In Jean-Luc Godard’s 1965 dystopian sci-fi riddle of a film, Alphaville, Lemmy Caution is a detective set out to stop a mad scientist. Machines, or rather A Machine–Alpha 60–has collectivized all individuality and trampled out emotion, romance, dreams and love. The poetry of the world is gone. The commodotization of the soul is eminent. Will poetry win out?
Cut to 2014. No longer black and white 1965 disjunctive Paris noir, commodity is king, the body is for transhuman sale, machines do–in their seemingly cute and innocuous Asimo way–rule. At least on the surface. Dig a little deeper and you can still find that same soul satisfying squelch you somnambulantly seek out. You thought The Rentals had something to do with TARP and Fannie Mae or Freddie Mac and American Exceptionalism and the Right To Own A Home & Bear Arms & BBQ! America Fuck Yeah! Well, they (The Rentals) do, actually, I’m sure, in some way reference the subprime essence of the mortgaging of America for technological doodads that do nothing. You can feel that they have something to do with most everything on Lost In Alphaville, the surprisingly long awaited and highly anticipated follow-up to ex-Weezer bassist Matt Sharp’s Return of the Rentals and Seven More Minutes.
They are almost more vital now than before (the 90s), now that they have taken the offhand lo-fi moog fuzz sploosh that dominated an era of indie-rock (that turned out to influence most everything electro-cool you hear today) and unfolded it inside outside of itself and expanded the sound with insightful lyrics, subtle yet catchy guitar hooks, and stretched out poppy sweet melodies that made Weezer all that it never actually could have been (once Sharp left the band). Because–let’s be honest here–when the collaboration between Rivers Cuomo and Matt Sharp ended after Pinkerton, (and the lawyers took over) Weezer’s reign as a meaningful band ended as well. While Cuomo and Sharp had a millisecond of a chance to become the X Generation’s Lennon and McCartney, Weezer–and specifically Cuomo–then became the vomit-inducing new incarnation of KISS and Gene Simmons, respectively, albeit with an overwhelmingly WTF / Richard Linklater Slacker vibe. Rock Is Dead (Sigh). Long Live Rock (Sigh).
The Real Return of The Rentals
Thankfully Matt Sharp had cultivated some personality he somehow kept away from Cuomo’s Alpha 60-esque poetic vacuum of destruction of all things in good taste. He cultivated relationships with talented musicians (who didn’t just want to be rock stars). He became monkish and went underground. He studied. The word sabbatical comes to mind. Of course I have no idea if any of this is factually true, but in my world this is how I perceive it. Weezer became Ass Hats and Matt Sharp disappeared. Until earlier this year, when rumors flourished that a resurrection of The Rentals had resurfaced, in the shape of Jess Wolfe and Holly Laessig from Lucius (vocals), Ryen Slegr of Ozma (guitar), Lauren Chipman of The Section Quartet (strings) with The Black Keys’ Patrick Carney (drums) next to Sharp at the rhythm helm.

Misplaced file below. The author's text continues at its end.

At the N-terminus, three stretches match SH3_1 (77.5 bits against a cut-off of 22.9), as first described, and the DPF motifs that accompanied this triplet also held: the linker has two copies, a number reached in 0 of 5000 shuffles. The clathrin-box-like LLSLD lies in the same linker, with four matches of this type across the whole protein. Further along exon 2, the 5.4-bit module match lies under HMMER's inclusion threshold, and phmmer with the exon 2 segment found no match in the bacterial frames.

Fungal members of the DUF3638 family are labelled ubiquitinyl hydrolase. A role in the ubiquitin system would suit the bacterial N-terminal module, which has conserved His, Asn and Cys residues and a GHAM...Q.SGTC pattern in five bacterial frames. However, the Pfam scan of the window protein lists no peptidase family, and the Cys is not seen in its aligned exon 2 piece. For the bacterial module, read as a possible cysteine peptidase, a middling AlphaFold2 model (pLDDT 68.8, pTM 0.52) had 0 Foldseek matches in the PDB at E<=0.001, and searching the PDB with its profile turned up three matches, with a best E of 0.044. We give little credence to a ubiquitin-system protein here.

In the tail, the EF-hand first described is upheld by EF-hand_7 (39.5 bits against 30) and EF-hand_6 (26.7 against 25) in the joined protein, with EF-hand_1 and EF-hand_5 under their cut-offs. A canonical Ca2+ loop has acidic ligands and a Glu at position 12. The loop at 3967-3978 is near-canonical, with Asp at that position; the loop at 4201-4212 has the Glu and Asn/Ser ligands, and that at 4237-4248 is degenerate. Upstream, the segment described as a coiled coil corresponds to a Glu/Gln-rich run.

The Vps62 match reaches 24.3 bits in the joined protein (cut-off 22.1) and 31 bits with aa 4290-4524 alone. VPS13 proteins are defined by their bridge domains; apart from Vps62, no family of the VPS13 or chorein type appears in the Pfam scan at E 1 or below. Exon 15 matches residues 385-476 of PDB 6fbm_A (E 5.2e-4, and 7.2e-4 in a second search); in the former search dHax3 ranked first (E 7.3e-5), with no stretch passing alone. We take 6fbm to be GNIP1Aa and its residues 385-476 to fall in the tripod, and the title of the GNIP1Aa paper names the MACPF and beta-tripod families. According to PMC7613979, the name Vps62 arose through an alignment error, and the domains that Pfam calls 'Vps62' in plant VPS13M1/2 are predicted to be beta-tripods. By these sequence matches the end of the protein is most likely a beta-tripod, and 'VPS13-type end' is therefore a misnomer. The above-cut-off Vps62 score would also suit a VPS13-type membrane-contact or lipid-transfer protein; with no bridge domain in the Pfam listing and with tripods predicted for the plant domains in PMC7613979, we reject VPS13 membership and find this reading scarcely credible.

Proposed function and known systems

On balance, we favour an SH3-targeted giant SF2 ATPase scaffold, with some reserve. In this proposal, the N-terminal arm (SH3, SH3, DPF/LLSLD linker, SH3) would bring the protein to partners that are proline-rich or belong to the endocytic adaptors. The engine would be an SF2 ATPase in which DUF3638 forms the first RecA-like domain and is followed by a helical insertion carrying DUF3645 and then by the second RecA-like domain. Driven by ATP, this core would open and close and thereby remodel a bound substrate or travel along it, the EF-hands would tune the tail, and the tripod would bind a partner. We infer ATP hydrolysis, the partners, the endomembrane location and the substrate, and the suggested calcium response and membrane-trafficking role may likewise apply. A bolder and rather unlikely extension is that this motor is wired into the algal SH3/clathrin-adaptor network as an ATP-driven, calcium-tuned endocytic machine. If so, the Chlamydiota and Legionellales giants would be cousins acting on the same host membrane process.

The result is particularly good. Not great, mind you, but enough of a stand alone effort to more than interest someone who has never heard of The Rentals, nor ever really gotten why–or how–Weezer kept going. The musicianship is loose, even expansive on opener “It’s Time To Come Home”, and shifts into sturdy and efficient electro-pop territory that Sharp is so attuned to, alternating time signatures with wave of the hand wafty ease, and adding well-placed strings on “1000 Seasons”. Over the course of Lost in Alphaville, one sniffs the recurring motif of technology tinged with sentimentality. Not in the maudlin and mushy sense of bad cable television, but more in the humanistic approach to the modern era of figuring out how to live in a world with smart phones, drones and Androstenedion. Like Godard’s film, Sharp’s cultural artifact is imperfect, and doesn’t always reach its potential, but it/he/we are cognizant of our imperfections, our failings and that all things along the path, for good or ill, make us who we are. In this realization, there is freedom from the hegemony of the invisible overlords, there is a path the NSA cannot perceive. We are all made of stardust. As he croons in “Seven Years”
It’s true you’re still with me /
You’re still with me but I don’t know why /
I know it’s too ambitious /
Too ambitious to even try
Yet here we are, still trying. Try to see them live:
09/05 – Los Angeles, CA @ The Fonda Theatre * ^
09/07 – Pomona, CA @ The Glass House * ^
09/08 – San Francisco, CA @ Slim’s ^
09/25 – Philadelphia, PA @ Union Transfer
09/26 – Asbury Park, NJ @ Stone Pony
09/27 – NY, NY @ Irving Plaza
* w/ We Are Scientists
^ w/ Ozma